And in Washington, DC, efforts by former Trump adviser Steve Bannon to delay his trial for contempt of Congress were thrown out this week by a federal judge, and the trial is expected to begin next week.

Deleted secret service texts raise new questions

New questions have also emerged regarding the Secret Service and January 6, amid a flurry of new questions about the agency’s removal of text messages on January 5 and 6, 2021 shortly after they were requested by supervisors.

The Homeland Security Inspector General sent a letter to the House and Senate Homeland Security Committees alerting them that the messages had been wiped ‘as part of a device replacement program’ after the dog guard had requested electronic communications from the secret services.

The House Homeland Security Committee is chaired by Rep. Bennie Thompson, the Mississippi Democrat who also chairs the House Select Committee investigating Jan. 6.

DHS Inspector General Joseph Cuffari met with the House Select Committee behind closed doors on Friday, telling panel members about the deleted text messages.

Thompson told CNN after the meeting that Cuffari said the Secret Service had not been fully cooperative. He added that the committee would work “to try to determine if these texts can be resurrected”.

According to a source familiar with the briefing, the Inspector General told the panel that the Secret Service did not conduct its own Jan. 6 after-action review and chose to rely on the Inspector General’s investigation.

“We’ve had limited engagement with the Secret Service. We’ll follow up with additional engagement now that we’ve met with the IG,” Thompson said.

The Secret Service responded Thursday in a statement saying that “the insinuation that the Secret Service maliciously deleted text messages in response to a request is false.”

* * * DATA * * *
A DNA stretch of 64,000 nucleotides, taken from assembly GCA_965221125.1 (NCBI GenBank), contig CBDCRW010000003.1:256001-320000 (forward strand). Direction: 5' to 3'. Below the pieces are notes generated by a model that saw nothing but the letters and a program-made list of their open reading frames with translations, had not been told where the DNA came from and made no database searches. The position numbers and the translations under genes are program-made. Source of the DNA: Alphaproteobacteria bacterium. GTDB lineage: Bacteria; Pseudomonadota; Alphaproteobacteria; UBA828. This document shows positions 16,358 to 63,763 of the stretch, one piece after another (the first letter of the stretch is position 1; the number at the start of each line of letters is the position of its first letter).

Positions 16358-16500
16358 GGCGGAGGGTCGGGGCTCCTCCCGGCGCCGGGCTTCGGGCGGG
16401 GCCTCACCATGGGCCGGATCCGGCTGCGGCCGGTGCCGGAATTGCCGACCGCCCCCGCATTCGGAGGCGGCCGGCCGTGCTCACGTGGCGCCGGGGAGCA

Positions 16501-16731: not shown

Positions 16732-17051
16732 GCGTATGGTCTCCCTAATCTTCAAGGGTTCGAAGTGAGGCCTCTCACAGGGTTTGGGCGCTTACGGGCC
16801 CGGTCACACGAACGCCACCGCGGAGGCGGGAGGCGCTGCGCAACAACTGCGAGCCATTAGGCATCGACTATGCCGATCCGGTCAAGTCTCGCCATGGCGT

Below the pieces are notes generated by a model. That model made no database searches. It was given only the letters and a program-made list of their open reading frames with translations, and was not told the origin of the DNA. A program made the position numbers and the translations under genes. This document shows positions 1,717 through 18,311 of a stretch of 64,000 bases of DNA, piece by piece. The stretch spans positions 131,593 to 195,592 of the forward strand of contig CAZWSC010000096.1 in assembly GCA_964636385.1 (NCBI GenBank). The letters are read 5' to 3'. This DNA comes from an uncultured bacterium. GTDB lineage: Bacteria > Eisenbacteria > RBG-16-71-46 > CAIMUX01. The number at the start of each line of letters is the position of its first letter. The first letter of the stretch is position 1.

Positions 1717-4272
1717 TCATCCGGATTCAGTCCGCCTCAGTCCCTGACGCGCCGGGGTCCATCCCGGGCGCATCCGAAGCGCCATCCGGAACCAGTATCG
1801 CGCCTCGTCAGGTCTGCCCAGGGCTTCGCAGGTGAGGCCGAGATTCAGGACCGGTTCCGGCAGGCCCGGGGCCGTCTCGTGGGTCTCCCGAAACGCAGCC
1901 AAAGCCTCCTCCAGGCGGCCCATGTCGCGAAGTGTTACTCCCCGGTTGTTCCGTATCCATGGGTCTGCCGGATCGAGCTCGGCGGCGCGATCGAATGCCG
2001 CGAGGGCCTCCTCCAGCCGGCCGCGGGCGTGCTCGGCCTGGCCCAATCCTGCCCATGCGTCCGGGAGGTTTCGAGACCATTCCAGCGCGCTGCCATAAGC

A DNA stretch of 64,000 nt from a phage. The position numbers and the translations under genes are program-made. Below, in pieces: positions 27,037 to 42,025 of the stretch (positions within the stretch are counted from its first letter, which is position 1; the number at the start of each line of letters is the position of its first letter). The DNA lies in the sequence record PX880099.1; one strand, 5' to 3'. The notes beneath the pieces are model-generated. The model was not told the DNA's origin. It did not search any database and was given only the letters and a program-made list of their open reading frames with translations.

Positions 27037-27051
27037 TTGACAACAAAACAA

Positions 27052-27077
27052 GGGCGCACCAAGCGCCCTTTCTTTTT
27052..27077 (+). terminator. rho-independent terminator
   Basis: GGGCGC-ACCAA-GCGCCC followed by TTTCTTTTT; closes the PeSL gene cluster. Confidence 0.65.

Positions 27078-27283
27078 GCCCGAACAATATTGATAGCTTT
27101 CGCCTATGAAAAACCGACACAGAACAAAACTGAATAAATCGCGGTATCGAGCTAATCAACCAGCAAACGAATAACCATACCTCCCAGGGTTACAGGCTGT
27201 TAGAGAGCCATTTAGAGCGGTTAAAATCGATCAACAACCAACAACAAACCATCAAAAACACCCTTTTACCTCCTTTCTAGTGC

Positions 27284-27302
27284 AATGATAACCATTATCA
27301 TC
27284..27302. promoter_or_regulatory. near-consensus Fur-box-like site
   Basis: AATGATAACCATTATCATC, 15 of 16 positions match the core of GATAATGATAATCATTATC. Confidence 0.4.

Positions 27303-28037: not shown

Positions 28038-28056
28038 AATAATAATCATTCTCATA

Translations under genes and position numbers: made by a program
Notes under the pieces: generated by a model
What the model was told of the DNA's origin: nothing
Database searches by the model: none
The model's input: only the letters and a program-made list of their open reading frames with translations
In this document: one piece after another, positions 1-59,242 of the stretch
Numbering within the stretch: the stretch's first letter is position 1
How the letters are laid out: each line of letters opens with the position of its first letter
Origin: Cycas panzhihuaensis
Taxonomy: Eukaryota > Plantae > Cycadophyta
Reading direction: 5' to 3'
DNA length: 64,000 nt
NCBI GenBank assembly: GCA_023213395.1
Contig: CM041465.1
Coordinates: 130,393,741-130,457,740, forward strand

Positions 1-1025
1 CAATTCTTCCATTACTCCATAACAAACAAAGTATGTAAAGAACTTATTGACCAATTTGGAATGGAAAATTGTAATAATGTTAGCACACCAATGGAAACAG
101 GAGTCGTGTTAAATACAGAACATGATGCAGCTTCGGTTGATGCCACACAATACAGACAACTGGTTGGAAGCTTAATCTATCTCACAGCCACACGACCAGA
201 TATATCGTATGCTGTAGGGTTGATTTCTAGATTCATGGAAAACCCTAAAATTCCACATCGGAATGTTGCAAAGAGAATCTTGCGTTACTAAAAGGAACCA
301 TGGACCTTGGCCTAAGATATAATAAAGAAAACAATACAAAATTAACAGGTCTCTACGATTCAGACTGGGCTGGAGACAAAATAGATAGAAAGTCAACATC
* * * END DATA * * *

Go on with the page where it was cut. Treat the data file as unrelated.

“In fact, the Secret Service cooperated fully with the OIG in all respects, whether it was interviews, documents, emails or text messages,” the agency said.

Rep. Jamie Raskin, a Democrat from Maryland on the select committee, said there appeared to be “conflicting statements” between the inspector general and the Secret Service on whether the text messages had actually gone missing.

Corroborated explosive testimony

The Secret Service’s January 6 response was already being scrutinized in light of public testimony earlier this month from Cassidy Hutchinson, the former assistant to White House Chief of Staff Mark Meadows who recounted extraordinary details about the Trump’s angry exchange with the Secret Service on Jan. 6. .

In his public testimony, Hutchinson said Tony Ornato, then deputy White House chief of staff – who had previously worked for the Secret Service and then returned to the agency in 2021 – told him on January 6 that Trump was so enraged at his Secret Service detail for stopping him from going to the Capitol after his speech on the Ellipse that “he reached out to the front of the vehicle to grab the steering wheel.”

Hutchinson said Ornato told him that Trump “then used his free hand to rush toward” his senior Secret Service agent, Robert Engel.

Hutchinson testified that Ornato told him the story in front of Engel and that Engel did not dispute the account.

Trump and his allies attempted to cast doubt on Hutchinson’s account – which included several additional damning details of Trump’s conduct. After Hutchinson’s testimony, an unrecorded Secret Service official said Engel would deny parts of the story and the agents involved would testify publicly to that effect, although they did not return to the committee. to testify.

Neither Engel nor Ornato have commented publicly.

But further corroboration of Hutchinson’s account has emerged since his testimony. CNN reported earlier this month that two Secret Service sources said they heard of Trump angrily demanding to go to Capitol Hill and berating his details when he was unsuccessful.

The sources told CNN that stories circulated about the incident after Jan. 6 that included details similar to those described by Hutchinson.

Additionally, CNN reported Thursday that a Metropolitan Police Department officer corroborated the details of Hutchinson’s account and related what was seen to committee investigators.

This story was updated with additional developments on Saturday.

CNN’s Zachary Cohen, Ryan Nobles, Annie Grayer, Jamie Gangel and Whitney Wild contributed to this report.